Corporations contribute to both parties, but right now they favor Republicans for a reason -- they keep winning. I'm not saying it's going to be easy for the Democrats to turn the tide, but they definitely can do it, if they quit wasting motion on these tiresome "values" issues.

Distill the message, pound it into the fucking ground, make sure that anyone who talks out of school to some asshole reporter ends up selling oranges at the freeway off-ramp, and watch how quickly things fall into place and Democrats start winning in places they hadn't.

And at that point, the money will start to come in as well. I'd like to be idealistic and say "let's do our elections like they do in France" but we all know that will never happen. Politics is the art of the possible, as they say, and a focused, motivated Democratic Party could really undo some of the changes the McKinley -- uh, I mean the Cheney -- administration has enacted.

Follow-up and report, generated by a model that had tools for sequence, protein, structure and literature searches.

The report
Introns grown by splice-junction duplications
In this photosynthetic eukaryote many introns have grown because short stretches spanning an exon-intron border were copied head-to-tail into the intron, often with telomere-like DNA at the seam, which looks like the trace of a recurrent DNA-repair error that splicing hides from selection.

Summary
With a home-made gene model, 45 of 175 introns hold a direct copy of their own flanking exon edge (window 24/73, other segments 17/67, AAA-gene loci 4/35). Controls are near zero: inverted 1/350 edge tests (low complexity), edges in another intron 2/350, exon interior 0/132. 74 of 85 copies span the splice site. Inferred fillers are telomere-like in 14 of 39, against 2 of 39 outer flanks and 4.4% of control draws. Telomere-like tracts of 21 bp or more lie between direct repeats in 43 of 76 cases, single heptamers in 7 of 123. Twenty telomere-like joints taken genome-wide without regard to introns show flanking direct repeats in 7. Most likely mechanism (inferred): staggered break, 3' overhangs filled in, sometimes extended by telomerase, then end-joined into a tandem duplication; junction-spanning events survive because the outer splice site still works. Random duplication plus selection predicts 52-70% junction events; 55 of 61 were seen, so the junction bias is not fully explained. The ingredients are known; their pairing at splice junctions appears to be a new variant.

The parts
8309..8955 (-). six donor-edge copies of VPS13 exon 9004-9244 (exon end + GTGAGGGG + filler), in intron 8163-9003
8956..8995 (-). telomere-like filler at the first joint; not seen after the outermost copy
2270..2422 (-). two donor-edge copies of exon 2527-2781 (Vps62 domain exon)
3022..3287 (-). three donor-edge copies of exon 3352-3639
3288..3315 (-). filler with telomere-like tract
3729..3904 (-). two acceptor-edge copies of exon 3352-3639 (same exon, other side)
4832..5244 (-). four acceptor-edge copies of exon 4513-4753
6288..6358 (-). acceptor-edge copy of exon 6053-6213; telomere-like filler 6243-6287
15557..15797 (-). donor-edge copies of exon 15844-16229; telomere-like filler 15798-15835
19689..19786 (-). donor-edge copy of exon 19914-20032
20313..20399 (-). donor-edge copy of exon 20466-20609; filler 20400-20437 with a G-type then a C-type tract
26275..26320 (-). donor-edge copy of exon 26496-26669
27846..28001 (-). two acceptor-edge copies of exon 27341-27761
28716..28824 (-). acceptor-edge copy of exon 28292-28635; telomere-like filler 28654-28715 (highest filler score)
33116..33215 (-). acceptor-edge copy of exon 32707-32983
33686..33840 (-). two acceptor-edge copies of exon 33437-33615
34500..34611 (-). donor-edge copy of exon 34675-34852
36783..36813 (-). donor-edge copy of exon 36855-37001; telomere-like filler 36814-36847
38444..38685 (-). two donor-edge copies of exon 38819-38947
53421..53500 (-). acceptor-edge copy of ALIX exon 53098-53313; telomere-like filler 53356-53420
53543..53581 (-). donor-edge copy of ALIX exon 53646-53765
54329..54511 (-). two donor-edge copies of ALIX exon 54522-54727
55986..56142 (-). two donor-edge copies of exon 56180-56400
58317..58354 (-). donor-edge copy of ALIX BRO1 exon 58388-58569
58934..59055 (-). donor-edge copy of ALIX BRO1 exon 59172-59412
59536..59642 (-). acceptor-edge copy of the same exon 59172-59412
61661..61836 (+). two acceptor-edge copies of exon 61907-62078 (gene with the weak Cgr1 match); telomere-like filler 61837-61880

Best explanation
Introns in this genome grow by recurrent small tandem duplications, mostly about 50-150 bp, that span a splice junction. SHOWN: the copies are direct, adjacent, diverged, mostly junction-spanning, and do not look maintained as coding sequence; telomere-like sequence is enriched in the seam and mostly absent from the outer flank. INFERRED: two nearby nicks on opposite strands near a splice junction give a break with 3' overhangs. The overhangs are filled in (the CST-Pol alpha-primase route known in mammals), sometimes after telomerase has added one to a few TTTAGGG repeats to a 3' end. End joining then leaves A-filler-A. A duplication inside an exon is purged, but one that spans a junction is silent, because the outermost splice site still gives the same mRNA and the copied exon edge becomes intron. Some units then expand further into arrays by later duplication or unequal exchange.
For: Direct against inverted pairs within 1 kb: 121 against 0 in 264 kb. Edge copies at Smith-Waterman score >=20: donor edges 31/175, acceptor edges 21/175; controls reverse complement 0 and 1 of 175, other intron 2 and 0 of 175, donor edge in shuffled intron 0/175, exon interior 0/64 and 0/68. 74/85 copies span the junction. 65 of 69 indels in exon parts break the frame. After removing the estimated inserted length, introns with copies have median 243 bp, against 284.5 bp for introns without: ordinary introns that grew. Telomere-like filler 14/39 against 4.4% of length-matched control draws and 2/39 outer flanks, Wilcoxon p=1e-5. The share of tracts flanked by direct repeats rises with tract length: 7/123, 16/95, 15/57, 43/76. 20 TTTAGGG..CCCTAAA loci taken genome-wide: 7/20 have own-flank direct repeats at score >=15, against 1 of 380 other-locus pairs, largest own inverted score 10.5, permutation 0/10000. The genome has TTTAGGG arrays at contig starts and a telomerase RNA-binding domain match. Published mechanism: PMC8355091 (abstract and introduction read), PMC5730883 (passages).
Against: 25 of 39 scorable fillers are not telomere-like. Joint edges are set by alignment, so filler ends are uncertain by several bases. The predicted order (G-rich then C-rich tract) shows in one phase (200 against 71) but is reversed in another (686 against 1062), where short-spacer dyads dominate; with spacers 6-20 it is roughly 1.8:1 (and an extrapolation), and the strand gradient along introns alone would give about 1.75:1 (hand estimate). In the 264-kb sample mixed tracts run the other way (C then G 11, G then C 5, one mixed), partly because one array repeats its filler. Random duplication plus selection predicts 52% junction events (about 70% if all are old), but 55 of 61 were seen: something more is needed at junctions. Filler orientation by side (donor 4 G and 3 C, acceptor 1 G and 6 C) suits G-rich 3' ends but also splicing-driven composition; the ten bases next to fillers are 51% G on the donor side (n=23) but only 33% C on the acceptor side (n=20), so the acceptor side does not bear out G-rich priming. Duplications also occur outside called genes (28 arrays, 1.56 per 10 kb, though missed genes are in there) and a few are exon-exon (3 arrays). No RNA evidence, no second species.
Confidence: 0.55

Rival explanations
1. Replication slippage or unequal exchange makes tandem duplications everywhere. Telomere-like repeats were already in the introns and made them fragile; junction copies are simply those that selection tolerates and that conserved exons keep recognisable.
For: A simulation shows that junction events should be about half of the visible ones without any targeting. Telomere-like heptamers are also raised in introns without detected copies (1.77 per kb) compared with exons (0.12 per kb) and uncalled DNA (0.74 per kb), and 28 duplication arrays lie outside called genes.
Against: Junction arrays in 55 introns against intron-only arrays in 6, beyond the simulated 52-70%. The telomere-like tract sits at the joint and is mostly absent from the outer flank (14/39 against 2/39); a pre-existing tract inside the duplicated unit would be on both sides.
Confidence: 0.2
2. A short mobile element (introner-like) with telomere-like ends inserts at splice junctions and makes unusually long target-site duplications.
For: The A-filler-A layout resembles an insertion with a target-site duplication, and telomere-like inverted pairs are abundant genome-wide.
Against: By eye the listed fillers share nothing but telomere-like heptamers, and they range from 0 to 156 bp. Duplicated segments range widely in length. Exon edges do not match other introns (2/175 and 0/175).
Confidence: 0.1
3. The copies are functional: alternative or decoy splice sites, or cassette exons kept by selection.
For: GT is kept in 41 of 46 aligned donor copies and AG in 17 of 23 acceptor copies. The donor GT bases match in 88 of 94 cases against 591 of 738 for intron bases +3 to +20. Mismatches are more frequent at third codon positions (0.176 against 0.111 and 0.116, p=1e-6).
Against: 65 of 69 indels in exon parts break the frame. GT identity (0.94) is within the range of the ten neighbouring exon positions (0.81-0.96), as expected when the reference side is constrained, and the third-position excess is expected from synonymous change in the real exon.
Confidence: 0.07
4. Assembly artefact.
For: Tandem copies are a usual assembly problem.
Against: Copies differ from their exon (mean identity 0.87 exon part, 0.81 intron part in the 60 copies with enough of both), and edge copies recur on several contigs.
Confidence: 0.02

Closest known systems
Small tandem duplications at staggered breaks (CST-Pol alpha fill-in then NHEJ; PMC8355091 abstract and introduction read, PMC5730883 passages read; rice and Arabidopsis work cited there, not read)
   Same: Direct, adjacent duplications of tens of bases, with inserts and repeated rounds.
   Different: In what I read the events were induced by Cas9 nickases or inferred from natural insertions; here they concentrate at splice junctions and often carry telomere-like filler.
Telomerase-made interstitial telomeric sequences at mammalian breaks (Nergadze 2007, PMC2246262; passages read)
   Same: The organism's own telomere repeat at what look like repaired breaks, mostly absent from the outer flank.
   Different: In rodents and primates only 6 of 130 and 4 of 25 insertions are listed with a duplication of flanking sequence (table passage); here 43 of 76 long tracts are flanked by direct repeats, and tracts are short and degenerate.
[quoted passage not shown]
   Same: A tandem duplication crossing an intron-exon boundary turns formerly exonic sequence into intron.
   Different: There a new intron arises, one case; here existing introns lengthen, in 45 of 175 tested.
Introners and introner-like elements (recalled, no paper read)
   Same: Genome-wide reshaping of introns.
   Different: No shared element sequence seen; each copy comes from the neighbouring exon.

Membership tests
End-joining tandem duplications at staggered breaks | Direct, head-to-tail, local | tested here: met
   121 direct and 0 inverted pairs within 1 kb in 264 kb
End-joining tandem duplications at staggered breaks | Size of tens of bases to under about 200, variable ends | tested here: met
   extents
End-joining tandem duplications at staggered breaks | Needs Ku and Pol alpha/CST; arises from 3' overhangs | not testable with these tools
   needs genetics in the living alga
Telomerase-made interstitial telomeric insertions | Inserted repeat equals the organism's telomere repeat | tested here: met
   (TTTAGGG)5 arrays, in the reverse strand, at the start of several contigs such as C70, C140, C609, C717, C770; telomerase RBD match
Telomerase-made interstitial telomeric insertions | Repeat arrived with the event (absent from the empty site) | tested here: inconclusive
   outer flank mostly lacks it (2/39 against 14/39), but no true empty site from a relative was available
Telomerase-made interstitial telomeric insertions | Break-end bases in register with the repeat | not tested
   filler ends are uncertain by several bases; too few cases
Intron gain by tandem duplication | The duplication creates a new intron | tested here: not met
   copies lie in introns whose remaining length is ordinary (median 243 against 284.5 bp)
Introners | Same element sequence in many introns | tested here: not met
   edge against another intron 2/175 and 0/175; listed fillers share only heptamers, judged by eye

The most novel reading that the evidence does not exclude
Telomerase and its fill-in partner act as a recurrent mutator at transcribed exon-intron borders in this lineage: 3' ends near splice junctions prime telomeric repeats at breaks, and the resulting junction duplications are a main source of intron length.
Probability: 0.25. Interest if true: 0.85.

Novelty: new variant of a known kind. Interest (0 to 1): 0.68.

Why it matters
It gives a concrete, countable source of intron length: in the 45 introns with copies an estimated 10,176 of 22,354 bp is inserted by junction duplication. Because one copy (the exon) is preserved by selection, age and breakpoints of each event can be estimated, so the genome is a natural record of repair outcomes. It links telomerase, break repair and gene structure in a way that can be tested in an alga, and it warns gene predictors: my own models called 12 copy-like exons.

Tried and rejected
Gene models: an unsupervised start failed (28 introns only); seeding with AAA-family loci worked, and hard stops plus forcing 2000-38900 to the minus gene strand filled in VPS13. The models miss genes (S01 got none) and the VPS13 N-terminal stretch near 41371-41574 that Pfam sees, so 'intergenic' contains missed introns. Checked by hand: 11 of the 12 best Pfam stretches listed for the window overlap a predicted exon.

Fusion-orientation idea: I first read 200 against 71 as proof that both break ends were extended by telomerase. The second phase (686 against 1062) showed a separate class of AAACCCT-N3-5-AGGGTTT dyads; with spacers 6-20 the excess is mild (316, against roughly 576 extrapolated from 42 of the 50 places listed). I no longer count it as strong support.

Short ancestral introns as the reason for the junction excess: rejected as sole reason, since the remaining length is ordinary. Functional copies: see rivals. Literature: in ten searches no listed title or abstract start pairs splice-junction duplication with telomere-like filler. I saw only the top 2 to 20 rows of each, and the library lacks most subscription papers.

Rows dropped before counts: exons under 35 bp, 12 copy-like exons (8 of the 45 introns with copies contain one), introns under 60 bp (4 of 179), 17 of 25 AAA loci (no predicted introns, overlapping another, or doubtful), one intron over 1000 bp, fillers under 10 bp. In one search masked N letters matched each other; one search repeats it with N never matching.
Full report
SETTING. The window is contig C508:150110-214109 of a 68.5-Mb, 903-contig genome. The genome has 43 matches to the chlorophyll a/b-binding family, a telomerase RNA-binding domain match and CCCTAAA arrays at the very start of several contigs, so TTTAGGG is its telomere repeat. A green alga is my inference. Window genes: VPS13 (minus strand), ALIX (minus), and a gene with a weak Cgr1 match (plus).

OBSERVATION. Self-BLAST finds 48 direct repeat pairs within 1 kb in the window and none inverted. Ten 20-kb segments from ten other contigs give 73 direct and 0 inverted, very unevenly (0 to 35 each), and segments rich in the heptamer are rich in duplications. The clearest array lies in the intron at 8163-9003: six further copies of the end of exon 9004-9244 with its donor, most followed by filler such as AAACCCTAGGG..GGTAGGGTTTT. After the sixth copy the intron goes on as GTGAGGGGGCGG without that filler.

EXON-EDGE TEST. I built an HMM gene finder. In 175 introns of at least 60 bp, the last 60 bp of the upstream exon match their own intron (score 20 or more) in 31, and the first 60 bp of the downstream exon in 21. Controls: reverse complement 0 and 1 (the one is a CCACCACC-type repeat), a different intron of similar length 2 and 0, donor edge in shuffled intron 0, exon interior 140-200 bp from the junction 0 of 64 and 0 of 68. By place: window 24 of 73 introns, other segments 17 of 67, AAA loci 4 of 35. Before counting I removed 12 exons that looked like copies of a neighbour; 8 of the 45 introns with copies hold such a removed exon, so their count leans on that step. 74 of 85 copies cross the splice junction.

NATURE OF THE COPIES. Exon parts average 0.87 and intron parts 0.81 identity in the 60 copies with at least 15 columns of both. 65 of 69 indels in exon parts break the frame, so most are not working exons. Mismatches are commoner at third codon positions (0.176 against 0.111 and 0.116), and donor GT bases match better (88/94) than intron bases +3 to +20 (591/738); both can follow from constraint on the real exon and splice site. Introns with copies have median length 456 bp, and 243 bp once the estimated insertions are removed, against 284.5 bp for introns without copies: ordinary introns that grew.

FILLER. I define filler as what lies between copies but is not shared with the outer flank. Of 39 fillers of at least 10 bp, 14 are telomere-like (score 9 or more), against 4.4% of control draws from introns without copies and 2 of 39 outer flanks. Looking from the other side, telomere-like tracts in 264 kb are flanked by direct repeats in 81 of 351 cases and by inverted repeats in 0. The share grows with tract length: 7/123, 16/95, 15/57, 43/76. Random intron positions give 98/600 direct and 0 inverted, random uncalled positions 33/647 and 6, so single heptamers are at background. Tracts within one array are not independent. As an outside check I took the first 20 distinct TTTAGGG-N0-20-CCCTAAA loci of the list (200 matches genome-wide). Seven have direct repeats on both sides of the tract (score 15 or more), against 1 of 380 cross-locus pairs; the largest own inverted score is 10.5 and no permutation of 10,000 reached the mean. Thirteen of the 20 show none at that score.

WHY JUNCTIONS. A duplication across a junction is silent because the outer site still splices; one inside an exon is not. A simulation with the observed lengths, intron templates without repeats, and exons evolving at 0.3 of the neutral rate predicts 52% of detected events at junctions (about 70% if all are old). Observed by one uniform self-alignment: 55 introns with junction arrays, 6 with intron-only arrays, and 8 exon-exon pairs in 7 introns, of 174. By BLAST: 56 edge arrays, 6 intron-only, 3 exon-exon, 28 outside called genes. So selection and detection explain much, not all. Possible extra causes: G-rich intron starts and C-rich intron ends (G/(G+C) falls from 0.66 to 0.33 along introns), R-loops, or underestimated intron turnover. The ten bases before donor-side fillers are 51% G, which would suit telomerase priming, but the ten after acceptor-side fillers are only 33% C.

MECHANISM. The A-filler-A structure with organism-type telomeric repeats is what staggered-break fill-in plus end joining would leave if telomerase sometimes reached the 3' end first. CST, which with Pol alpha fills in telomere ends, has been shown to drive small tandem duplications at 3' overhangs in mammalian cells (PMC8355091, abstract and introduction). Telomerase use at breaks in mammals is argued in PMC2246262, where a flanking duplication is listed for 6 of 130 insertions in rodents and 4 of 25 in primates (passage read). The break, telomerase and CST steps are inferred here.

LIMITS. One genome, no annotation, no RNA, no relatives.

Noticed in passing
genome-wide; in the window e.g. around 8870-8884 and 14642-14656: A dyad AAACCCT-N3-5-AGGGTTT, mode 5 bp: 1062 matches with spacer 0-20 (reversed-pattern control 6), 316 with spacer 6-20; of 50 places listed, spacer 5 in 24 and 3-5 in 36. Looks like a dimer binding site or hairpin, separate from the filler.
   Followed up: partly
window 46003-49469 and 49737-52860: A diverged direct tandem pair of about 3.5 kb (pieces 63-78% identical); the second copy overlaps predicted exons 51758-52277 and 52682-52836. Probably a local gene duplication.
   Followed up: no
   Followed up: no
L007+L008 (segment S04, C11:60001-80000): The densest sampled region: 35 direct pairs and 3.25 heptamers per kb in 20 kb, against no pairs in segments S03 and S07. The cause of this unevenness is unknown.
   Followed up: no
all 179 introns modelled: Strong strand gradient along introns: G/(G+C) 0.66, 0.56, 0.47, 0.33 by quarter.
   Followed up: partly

I don't know why they keep having to be told to take their thumb out of their asses, but they do. They are incredibly distracted by nonsensical pieces such as Goldberg's, and get themselves locked into these no-win situations, where they are foreveer trying to win the hearts of people who are already psychologically predisposed to dislike them.